‘Never doubt that a small group of thoughtful, committed citizens can change the world; indeed, it’s the only thing that ever has’

Margaret Mead

ethnography library

Since I started working at the Yunus Centre in 2011 I have been the sole ethnographer/social anthropologist. As the centre has grown I have happily given up this role and I now get to share this with an influx of new colleagues eager to use ethnographic methods within their work. With this in mind, a group of us from the CommonHealth project signed up for a course in Collaborative Ethnography and on Monday we travelled through to Edinburgh to learn more.

I took a lot from the course and could spend a few thousand words describing exactly what Collaborative Ethnography is and all the things I learned. Instead I’ll focus on one of the key issues that is at the heart of Collaborative Ethnography, which raised interesting questions about the ways researchers can engage with communities outside of traditional educational institutions in more meaningful and long lasting ways.

Core to the definition of Collaborative Ethnography is the explicit emphasis on collaboration across all parts of the research process and a shared commitment to the end product– whether that is a film, book, documentary or report. It is this end product that most interested me. Many people might engage in forms of collaborative research, using various methods and it could be argued that most, if not all, forms of qualitative research have an element of collaboration; although this is often limited to the data collection stage. However, within collaborative ethnography the analysis and final write up is a vital part of the process. I found this idea challenging but was keen to hear how it had been done.

The two academics running the course, Elizabeth Campbell and Eric Lassiter, had found ways to make this work and the research they helped initiate had resulted in the production of a highly respected academic text ‘The Other Side of Middletown’. They set up a collaborative ethnographic process in response to a request from a community leader who was concerned with the lack of African American voices in a previous study of the small town of Muncie, aka Middletown. Using resources from the university Elizabeth and Eric were able to set up a course for students at Ball State University who worked alongside community consultants and collaborators to conduct interviews, focus groups and oral histories and eventually write individual chapters that featured in the book. Eric and Elizabeth described to us the ways that drafts of the texts were written and rewritten in response to individual meetings, small focus groups and large community forums. The interpretation of historical events was discussed and details of each chapter pored over until there was agreement over the text, or at least the agreement to disagree. Beyond the production of traditional academic papers, books and presentations the students involved in the study remained involved in the Muncie community. They have helped to produce photo exhibitions, develop multicultural educational programmes, participate in discussions in schools and churches about race relations in Muncie and work with a local mediation team to research specific experiences of racial conflict in the area.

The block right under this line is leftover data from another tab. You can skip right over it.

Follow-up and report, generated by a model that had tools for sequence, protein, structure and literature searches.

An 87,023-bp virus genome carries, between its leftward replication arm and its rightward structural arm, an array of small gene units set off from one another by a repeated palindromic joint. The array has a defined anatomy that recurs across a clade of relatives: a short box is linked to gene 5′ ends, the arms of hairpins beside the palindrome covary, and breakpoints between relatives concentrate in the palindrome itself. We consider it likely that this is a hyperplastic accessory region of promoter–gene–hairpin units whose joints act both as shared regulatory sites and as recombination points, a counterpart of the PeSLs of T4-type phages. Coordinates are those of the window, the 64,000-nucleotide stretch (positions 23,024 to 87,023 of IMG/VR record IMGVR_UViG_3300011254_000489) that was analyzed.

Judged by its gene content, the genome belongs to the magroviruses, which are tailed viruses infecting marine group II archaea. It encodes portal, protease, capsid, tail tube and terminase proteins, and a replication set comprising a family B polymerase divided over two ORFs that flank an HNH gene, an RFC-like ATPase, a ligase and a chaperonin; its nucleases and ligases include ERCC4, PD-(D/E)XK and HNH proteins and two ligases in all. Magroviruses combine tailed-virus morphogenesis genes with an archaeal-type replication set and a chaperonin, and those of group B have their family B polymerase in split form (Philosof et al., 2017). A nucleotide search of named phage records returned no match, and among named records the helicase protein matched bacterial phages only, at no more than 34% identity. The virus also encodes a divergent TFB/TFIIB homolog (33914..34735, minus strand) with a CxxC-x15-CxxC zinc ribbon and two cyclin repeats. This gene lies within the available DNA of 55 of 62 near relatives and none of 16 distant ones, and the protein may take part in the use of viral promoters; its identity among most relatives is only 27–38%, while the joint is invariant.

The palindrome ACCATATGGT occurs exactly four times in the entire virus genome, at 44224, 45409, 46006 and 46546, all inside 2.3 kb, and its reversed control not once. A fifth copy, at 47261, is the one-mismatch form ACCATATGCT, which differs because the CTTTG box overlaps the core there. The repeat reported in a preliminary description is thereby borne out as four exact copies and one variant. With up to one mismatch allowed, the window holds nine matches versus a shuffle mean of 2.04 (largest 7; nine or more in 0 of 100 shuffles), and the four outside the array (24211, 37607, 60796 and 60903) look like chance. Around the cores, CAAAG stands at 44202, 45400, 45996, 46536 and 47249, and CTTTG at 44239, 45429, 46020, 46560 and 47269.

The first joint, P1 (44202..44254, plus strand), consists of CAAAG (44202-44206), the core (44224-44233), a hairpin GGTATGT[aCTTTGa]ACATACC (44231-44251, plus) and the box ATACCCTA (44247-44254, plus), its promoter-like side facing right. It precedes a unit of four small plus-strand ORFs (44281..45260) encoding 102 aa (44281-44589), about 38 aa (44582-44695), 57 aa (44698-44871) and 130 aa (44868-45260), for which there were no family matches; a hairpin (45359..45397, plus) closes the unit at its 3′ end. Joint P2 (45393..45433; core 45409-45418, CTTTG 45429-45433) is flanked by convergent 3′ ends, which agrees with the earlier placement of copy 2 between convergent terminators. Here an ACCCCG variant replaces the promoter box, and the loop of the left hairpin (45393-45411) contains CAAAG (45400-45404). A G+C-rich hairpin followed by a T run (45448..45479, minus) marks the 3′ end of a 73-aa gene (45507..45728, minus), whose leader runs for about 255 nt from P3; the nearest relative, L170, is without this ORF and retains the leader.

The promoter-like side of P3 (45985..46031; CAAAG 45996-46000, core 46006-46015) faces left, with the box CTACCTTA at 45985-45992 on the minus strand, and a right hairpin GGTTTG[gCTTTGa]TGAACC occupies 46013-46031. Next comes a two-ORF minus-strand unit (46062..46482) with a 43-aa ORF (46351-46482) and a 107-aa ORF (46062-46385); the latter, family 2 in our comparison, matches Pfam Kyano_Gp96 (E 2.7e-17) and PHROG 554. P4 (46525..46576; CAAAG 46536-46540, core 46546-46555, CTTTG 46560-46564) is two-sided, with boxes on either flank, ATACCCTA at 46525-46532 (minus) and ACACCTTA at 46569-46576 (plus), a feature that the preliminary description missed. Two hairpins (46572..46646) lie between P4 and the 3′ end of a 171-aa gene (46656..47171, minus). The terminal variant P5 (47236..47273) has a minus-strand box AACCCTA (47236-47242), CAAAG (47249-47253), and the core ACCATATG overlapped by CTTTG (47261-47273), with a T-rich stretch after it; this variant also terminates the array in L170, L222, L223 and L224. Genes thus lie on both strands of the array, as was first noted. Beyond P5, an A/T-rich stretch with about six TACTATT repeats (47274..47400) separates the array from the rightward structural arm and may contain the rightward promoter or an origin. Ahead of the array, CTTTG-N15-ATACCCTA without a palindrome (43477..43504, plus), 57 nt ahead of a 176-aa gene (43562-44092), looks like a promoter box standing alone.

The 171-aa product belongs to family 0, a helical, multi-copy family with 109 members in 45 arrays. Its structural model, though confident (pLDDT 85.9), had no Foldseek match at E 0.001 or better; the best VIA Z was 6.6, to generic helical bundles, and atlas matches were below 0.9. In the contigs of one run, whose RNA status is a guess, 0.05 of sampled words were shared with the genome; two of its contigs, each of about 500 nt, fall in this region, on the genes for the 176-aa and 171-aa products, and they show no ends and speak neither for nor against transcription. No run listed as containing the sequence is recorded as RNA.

Reflecting on the course and the discussions we had I’m eager to consider how I might apply some of this to my own work. As I write my thesis I know the ship has sailed on using this approach within my PhD but my hope is that the relationships I have formed might serve as a basis for future collaboration. Within the CommonHealth project collaboration with WEvolution has been vital in terms of their involvement as research partners. Yet I’m wondering as I start to enter the final year of my CommonHealth involvement whether the stage is now set for collaboration in the outputs of the research and the consideration of the ways that we can continue to work together beyond the lifecycle of this specific research programme.

Take only notes….leave only memories